Centrexion Therapeutics is building a pain treatment powerhouse to address this substantial and growing global chronic pain epidemic. We seek to develop and commercialize novel, non-opioid, non-steroidal medicines that can safely and effectively treat the significant unmet medical need of chronic pain.
Pain is a necessary protective reaction that alerts the body to the presence of actual or potential tissue damage so that necessary corrective responses can be activated. Pain is signaled by specialized cells in the peripheral nervous system called nociceptors, or pain fibers. These pain fibers normally transmit information from different locations in the body to the brain about stimuli that approach or exceed harmful intensity which, in turn, results in the sensation of pain.
“Pain is part of the human condition; at some point, for short or long periods of time, we all experience pain and suffer its consequences. While pain can serve as a warning to protect us from further harm, it also can contribute to severe and even relentless suffering, surpassing its underlying cause to become a disease in its own domains and dimensions.”
– Committee on Advancing Pain Research, Care, and Education Board on Health Sciences Policy, 20111
“Pain…when it becomes intractable, it no longer serves a useful purpose and then becomes, through its mental and physical effects, a destructive force.”
– Dr. John J Bonica, ‘founding father’ of pain management2
Pain is a necessary protective reaction that alerts the body to the presence of actual or potential tissue damage so that necessary corrective responses can be mounted. Pain is signaled by specialized cells in the peripheral nervous system called nociceptors, or pain-sensing fibers. These pain-sensing fibers normally transmit information from different locations in the body to the brain about stimuli that approach or exceed harmful intensity which, in turn, results in the sensation of pain.
The National Institutes of Health, or NIH, defines chronic pain as pain that persists beyond the normal healing time of an injury or that persists for longer than three months,. Chronic pain is a highly complex and often misunderstood medical condition affecting every aspect of a person’s life and contributing to a loss of both physical and emotional function. People suffering from chronic pain experience diminishing levels of activity, productivity, social relationships and overall well-being and have an increased risk of early mortality.4
Current neuroscience confirms that chronic pain is more than a symptom of an underlying disease, but a disease in its own right. Imaging and non-imaging studies demonstrate substantial functional, structural and chemical changes in the brains and bodies of patients suffering from chronic pain.3
The unmet clinical need in treating chronic pain reflects the failure to develop novel classes of analgesics with comparable or greater efficacy, an acceptable level of adverse effects and a lower abuse liability than those currently available.
As of 2011, over 40 million adults in the United States and over 1 billion people worldwide suffer from chronic pain each year.5 This epidemic extracts a tremendous cost in terms of direct treatment and rehabilitation expenditures, lost worker productivity, prevalent addiction to opioid-based drugs, and emotional and financial burden for patients and their families. According to an Institute of Medicine of the National Academies report, pain in the United States costs society between $560 and $635 billion annually – higher than the three other leading causes of disability/death combined.1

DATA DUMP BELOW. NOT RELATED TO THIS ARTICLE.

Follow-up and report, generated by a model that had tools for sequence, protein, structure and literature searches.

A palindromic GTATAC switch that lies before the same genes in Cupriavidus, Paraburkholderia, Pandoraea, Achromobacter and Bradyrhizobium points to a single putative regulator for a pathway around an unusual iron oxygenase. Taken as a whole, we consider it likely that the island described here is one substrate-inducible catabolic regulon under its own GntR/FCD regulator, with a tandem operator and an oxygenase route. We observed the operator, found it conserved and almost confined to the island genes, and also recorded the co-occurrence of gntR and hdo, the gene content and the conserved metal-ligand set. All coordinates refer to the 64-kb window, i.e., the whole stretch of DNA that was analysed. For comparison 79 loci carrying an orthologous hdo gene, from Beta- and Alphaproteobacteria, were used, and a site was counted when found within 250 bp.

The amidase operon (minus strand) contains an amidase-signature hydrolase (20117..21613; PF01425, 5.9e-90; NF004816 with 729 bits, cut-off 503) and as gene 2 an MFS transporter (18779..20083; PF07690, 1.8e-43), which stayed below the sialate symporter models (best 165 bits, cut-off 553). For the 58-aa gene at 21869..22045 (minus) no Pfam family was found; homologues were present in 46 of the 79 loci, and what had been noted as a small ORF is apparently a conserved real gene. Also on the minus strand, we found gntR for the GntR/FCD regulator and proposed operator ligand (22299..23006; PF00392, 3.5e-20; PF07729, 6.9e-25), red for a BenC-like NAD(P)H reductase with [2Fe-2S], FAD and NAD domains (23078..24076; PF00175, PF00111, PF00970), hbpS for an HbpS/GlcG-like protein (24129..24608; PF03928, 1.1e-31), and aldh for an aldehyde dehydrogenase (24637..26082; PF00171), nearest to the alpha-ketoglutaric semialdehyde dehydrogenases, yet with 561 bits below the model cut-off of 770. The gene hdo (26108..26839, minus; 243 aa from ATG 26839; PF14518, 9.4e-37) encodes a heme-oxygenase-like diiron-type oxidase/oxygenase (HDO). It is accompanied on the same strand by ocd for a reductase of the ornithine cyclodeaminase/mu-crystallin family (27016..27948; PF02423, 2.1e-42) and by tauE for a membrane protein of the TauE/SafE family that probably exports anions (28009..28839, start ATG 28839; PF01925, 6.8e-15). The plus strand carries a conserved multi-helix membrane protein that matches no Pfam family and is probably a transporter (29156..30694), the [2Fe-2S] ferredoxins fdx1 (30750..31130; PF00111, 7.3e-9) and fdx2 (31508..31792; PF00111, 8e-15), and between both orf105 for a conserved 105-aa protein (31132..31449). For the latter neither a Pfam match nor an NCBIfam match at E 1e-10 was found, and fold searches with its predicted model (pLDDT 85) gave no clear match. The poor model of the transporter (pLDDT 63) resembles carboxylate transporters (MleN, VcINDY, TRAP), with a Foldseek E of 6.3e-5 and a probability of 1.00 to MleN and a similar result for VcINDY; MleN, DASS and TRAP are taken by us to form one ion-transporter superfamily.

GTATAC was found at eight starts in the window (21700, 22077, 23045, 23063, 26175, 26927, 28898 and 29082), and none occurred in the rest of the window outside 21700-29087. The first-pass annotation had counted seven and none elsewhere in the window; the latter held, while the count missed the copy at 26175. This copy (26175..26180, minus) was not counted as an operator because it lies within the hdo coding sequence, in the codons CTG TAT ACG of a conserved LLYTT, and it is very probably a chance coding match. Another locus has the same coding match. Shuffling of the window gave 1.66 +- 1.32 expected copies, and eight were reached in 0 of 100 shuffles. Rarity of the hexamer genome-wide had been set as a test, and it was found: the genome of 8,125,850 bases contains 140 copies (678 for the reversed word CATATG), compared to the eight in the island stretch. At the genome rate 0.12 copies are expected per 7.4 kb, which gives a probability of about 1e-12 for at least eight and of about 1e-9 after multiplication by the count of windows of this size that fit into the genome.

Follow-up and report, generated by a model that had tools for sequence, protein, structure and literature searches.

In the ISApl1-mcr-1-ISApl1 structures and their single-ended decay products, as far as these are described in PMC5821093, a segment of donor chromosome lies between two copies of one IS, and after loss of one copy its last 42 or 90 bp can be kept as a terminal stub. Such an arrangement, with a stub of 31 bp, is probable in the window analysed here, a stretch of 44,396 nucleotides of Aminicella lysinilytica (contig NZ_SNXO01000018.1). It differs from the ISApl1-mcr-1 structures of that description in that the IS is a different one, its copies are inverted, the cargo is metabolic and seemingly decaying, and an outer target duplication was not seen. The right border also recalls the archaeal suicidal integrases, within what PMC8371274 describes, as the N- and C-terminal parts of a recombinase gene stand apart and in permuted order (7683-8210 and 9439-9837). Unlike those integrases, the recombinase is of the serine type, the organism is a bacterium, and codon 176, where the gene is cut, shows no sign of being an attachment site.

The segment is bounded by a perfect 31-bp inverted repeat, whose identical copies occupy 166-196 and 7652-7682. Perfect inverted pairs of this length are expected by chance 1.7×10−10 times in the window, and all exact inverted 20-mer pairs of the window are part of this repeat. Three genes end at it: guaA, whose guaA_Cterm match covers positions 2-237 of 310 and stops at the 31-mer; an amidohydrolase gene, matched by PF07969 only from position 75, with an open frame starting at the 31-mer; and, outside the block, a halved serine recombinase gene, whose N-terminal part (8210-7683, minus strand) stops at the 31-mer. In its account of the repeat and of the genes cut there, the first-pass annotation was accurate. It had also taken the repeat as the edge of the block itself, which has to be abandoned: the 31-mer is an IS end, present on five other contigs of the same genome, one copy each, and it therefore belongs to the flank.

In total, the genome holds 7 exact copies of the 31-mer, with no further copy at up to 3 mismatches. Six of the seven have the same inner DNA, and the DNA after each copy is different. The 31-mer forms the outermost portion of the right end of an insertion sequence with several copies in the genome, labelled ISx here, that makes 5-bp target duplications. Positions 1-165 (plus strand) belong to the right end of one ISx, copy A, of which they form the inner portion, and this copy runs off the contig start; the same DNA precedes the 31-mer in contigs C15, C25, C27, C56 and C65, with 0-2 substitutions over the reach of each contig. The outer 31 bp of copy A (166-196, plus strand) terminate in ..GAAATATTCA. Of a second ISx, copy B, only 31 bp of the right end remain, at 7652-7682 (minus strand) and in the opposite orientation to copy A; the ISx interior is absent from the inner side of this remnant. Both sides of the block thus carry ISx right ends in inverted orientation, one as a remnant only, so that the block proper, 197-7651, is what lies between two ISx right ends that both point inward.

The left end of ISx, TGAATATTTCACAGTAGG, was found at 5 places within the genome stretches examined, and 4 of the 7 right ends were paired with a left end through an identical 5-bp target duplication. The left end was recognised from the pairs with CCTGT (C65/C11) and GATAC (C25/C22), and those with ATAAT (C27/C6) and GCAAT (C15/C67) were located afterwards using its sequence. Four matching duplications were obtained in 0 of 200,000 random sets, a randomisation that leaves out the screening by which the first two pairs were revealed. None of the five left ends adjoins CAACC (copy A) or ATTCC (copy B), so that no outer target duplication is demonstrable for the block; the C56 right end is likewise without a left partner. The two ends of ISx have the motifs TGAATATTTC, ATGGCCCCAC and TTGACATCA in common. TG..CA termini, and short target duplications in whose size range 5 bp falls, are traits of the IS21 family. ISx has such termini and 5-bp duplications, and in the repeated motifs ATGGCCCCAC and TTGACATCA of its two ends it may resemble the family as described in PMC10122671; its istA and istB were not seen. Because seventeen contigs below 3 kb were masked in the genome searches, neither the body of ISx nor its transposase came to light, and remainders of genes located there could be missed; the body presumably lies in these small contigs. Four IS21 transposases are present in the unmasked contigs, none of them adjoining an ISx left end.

Opioids are some of the most widely prescribed therapeutics for serious pain, with sales quadrupling between 1999 and 2010. According to a National Survey on Drug Use and Health report, in 2016 more than one third of adult Americans were prescribed opioids and 230 million opioid prescriptions were written that year in the United States.
Opioids, however, are associated with significant side effects, particularly when administered chronically. Drug and alcohol addiction – often linked to the misuse of medications prescribed for chronic pain – affects more than 23 million in the U.S. each year.1 Despite the significant effects of chronic pain on the U.S. population and economy, investment in the development of options for treating it – and associated issues like addiction – is extremely low. Less than $2B was invested in venture research and development for alternative pain treatments in the last decade compared to the nearly $12B spent on cancer.3
Currently available non-opioid treatments, while avoiding the abuse and addiction issues associated with opioid treatments, offer limited pain relief and are often accompanied by significant risks such as gastrointestinal, cardiovascular, central nervous system, renal and other adverse effects, including organ failure and death.
1Gaskin, D, Richard, P. 2011. Relieving Pain in America: A Blueprint for Transforming Prevention, Care, Education, and Research. The Economic Costs of Pain in the United States. Institute of Medicine (US) Committee on Advancing Pain Research, Care, and Education. Washington (DC): National Academies Press (US).
2Bonica JJ. 1953. The Management of Pain. Philadelphia, PA: Lea and Febirger publishers.
3Turk DC, et al, 2011. Lancet. Jun 25; 377(9784):2226-35.
4Torrance N, et al, 2010. Eur J Pain. Apr; 14(4):380-6.
5http://www.painmed.org/patientcenter/facts_on_pain.aspx, Last accessed December 21, 2017